During the last century, Tamil Nadu has produced many political leaders, liberal scholars, constitutionalists, social reformers, and public policy thinkers of far excellence. But the quality of the last half of the century’s polity in Tamil Nadu had merely served for advancing the one’s ego on others for gaining the vote motives. This has been the case at least since 1966, involving massive indoctrination of one particular ideology and distortion of classical liberal thinkers’ thoughts.
Thoughts of some of the leading scholars on classical liberal principles were not only forgotten but perceptively neglected in all spheres of the mainstream practices. Furthermore, this era became an ideal hero-worship of political leaders without much thought about the indoctrination of the youth. The tragedy is that even after three decades of the first wave of economic reforms and free-market economic policies, the ignorance over the relevance of classical liberals’ thoughts continues.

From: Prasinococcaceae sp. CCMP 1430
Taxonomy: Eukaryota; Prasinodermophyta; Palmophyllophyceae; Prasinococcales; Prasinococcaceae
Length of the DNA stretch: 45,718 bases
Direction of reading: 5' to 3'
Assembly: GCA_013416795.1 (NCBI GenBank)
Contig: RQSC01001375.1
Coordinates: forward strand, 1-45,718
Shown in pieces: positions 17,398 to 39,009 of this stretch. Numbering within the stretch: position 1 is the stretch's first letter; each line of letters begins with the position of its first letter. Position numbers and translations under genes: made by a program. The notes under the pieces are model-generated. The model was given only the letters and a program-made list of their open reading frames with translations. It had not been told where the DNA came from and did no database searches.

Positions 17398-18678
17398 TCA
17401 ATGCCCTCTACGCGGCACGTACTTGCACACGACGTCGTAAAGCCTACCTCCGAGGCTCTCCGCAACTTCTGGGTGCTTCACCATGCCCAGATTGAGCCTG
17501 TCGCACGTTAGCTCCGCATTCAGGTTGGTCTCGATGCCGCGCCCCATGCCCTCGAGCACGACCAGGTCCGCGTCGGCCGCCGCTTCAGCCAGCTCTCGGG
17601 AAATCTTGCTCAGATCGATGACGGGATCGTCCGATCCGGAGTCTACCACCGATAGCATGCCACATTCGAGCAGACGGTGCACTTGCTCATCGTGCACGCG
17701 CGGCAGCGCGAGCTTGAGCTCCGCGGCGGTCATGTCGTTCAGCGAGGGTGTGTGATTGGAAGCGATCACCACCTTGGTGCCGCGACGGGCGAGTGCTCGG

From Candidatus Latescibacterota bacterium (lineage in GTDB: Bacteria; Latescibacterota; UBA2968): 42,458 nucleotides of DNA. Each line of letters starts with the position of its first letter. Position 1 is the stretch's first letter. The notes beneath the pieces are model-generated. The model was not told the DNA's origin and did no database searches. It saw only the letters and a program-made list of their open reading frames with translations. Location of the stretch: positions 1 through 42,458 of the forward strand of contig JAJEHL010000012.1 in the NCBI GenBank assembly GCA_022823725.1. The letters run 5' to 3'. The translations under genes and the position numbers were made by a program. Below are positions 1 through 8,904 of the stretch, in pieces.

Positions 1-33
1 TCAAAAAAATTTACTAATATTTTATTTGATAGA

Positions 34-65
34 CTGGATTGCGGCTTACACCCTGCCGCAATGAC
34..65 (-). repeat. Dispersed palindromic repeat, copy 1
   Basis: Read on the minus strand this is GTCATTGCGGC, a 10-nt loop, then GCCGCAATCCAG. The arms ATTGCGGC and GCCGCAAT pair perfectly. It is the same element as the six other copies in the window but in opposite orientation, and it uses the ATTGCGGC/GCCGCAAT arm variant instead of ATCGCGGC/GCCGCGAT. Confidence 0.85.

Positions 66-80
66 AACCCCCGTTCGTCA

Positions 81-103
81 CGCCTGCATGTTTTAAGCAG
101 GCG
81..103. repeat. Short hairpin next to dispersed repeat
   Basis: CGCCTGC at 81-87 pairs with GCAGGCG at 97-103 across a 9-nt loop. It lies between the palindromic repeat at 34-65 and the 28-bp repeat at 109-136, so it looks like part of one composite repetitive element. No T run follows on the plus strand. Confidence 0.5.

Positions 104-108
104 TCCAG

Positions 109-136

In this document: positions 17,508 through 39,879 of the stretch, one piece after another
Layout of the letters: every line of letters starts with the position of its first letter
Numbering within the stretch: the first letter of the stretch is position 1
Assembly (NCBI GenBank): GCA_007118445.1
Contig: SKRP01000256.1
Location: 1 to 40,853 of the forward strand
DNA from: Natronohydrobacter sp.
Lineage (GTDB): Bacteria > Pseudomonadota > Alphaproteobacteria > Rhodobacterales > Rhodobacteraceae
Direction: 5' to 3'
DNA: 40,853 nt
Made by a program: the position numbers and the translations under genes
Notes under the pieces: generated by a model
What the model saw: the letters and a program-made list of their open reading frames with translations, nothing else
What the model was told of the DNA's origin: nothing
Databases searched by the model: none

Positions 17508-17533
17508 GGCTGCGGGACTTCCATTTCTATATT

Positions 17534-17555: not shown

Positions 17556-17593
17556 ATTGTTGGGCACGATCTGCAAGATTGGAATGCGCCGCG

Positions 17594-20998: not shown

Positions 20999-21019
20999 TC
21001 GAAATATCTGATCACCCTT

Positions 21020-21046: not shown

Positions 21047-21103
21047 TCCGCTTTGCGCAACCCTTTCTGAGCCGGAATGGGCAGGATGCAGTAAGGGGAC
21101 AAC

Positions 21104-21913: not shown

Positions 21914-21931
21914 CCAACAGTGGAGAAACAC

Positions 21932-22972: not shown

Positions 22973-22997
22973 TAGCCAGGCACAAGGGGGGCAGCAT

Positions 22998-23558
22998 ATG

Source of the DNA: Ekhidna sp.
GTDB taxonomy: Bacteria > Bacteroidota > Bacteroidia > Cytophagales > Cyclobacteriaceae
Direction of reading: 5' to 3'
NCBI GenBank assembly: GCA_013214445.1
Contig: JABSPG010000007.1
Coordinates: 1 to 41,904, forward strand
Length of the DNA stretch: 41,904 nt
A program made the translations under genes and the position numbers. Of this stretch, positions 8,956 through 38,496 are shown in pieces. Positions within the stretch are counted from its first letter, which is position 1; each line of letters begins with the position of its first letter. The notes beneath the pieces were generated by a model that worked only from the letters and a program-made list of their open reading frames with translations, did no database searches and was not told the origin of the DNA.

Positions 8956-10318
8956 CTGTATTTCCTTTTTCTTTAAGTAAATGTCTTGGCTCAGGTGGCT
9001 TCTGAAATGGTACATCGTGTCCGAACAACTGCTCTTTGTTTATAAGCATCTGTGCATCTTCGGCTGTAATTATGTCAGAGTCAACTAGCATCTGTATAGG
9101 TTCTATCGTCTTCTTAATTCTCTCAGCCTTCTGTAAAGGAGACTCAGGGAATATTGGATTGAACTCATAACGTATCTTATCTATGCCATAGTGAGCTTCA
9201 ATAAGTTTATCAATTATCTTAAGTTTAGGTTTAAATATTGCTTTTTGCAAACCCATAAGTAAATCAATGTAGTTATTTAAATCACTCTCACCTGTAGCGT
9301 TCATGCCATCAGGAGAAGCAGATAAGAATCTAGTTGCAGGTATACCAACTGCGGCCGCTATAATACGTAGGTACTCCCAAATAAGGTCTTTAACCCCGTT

One of the great liberal scholars in recent times was Mariadas Ruthnaswamy. He was born in August 1885 at Royapuram in Madras (now Chennai) to MI Ruthnaswamy and MT Ruthnaswamy. Mariadas Ruthnaswamy was an authority on Indian history, political theory, and economics and often differed from others. Few have had such a varied and distinguished public service spanning a few decades. Ruthnaswamy was a leading educationist and professor of Indian history and politics, liberal thinker, constitutionalist, politician, parliamentarian, erudite orator, editor, administrator, and author. He was founding Vice President of Swatantra Party and represented the party form Madras State in the Upper House (Rajya Sabha) of the Parliament for two terms.
Mariadas Ruthnaswamy received school education at St. Anne’s School at Secunderabad in Andhra Pradesh, and matriculated from the St. Joseph’s College at Cuddalore in Madras Presidency (now Tamil Nadu) in 1903. He also completed his undergraduate education at Nizam’s College, Hyderabad in 1907. Thereafter, he went to England to study at Jesus College, at Oxford University and University of Cambridge and completed his History Tripos degree in 1910. At Cambridge University, he was contemporary of Jawaharlal Nehru. Simultaneously, he was enrolled for law at Gray’s Inn, London, and became a barrister in 1910. In 1911, he returned to India and was determined not to practice law despite his father’s pressure.